Submitted to: Forage Focus
Publication Type: Trade Journal
Publication Acceptance Date: 8/7/2014
Publication Date: 8/20/2014
Citation: Samac, D.A. 2014. Science from the field to your shopping cart. Forage Focus. August 2014. p. 6-7.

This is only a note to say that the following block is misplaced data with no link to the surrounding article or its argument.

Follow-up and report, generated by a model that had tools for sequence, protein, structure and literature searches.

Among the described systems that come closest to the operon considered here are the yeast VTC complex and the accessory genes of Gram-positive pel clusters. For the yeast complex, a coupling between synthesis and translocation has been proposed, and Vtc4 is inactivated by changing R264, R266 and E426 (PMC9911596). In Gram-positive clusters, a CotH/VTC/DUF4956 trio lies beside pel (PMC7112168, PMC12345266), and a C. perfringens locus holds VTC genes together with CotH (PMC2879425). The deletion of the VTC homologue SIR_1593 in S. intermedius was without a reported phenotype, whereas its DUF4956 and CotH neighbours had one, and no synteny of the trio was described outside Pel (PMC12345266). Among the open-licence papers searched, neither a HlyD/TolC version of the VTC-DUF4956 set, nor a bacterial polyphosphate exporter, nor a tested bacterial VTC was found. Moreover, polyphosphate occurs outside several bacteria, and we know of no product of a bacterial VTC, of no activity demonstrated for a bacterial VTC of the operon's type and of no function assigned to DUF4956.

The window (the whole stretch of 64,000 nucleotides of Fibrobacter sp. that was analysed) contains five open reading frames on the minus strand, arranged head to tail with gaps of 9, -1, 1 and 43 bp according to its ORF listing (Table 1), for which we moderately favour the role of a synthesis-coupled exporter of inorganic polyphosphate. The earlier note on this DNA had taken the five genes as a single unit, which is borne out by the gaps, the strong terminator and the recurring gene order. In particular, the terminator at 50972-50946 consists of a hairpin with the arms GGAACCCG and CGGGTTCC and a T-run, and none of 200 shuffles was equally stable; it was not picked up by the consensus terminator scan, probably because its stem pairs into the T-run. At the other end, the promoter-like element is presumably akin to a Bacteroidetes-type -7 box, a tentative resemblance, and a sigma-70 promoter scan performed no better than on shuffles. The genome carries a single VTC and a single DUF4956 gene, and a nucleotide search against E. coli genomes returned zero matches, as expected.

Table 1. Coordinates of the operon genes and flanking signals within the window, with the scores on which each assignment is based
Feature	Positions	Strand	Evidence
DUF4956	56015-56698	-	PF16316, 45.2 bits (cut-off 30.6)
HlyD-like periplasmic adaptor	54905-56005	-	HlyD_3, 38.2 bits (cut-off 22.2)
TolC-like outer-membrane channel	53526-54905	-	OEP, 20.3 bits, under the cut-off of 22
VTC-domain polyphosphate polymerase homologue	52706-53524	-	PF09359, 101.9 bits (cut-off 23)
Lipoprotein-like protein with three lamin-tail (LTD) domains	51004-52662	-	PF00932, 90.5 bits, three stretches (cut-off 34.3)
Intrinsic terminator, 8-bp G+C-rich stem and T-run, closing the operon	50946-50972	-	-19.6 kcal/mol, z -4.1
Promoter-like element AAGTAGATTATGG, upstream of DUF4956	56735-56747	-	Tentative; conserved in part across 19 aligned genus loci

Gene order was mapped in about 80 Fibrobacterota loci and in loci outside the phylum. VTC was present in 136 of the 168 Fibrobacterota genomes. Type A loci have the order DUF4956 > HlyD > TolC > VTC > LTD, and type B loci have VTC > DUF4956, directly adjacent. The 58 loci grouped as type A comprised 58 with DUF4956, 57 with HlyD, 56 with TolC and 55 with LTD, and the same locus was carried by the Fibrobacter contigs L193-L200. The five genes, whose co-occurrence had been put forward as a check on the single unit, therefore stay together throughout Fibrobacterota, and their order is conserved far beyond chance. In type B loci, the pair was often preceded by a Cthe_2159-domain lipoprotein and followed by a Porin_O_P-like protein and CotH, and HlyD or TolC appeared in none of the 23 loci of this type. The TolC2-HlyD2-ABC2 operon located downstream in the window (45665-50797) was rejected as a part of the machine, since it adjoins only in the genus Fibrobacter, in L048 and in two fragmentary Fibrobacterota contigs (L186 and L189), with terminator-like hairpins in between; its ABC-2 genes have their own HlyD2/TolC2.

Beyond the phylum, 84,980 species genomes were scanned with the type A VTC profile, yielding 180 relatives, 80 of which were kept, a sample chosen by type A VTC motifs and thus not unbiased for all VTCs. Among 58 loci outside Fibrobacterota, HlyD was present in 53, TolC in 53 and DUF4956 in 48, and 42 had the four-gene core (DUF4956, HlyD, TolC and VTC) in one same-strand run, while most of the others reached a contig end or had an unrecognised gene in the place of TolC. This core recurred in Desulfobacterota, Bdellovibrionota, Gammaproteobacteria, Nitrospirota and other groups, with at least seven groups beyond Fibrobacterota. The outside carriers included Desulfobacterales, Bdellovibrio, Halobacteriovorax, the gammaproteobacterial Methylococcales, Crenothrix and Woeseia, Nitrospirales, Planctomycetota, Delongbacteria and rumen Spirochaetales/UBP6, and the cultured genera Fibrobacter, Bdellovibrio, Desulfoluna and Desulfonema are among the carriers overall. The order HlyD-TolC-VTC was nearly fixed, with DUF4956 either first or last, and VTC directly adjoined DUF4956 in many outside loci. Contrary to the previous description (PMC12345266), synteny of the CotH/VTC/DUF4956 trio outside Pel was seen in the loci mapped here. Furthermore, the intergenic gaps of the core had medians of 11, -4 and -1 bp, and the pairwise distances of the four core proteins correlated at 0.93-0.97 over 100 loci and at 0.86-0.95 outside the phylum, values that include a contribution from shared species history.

Technical Abstract: Today the Agricultural Research Service (ARS), the in-house research division of USDA, has 2,100 scientists and 6,000 support personnel in over 90 locations throughout the US. The research done by ARS affects everyone in the country every day of the year. ARS research has gone into practically every item in a typical shopping cart. Research on alfalfa and other forages is carried out in National Program 215: Pasture, Forage and Rangeland Systems. In total, 20 scientists are involved in alfalfa research in Minnesota (Saint Paul), Wisconsin (Madison, Prairie du Sac, Marshfield), Maryland (Beltsville), Utah (Logan), Washington (Prosser, Pullman), Illinois (Peoria), and Iowa (Ames). There is a long history of alfalfa improvement in ARS. In the 1970s and 1980s, ARS scientists were leaders in identifying microorganisms causing major alfalfa diseases, developing methods to select for resistant plants, and releasing disease resistant germplasm for use by the alfalfa seed industry. Research also focused on novel traits for enhanced nitrogen fixation and assimilation. More recently, a high yielding biomass type alfalfa was developed with non-lodging stems, which has the potential to produce twice the ethanol than hay type alfalfa. Currently, the greatest research emphasis in the ARS alfalfa program is in development and use of DNA markers associated with agronomic traits including disease resistance, drought tolerance, salinity tolerance, and for morphological traits such as formation of rhizomes. New tools are being added to the breeder’s toolbox to accelerate cultivar development and increased understanding of the function of genes underpinning these traits. ARS scientists are also developing novel harvesting and storage technologies to enhance alfalfa feed quality and develop new products. These harvesting methods have the advantage of reducing the number of harvests, reducing labor, increasing harvest flexibility, and increasing the functionality and value of the harvested forage. ARS scientists have been at the forefront of documenting the environmental and agronomic benefits of alfalfa cultivation. Current research focuses on developing and evaluating farming systems that strategically incorporate alfalfa on the landscape to reduce impacts of row crops and livestock agriculture. The contributions of ARS scientists to alfalfa research will guarantee that alfalfa producers have the knowledge and cultivars for 21st century farms and markets.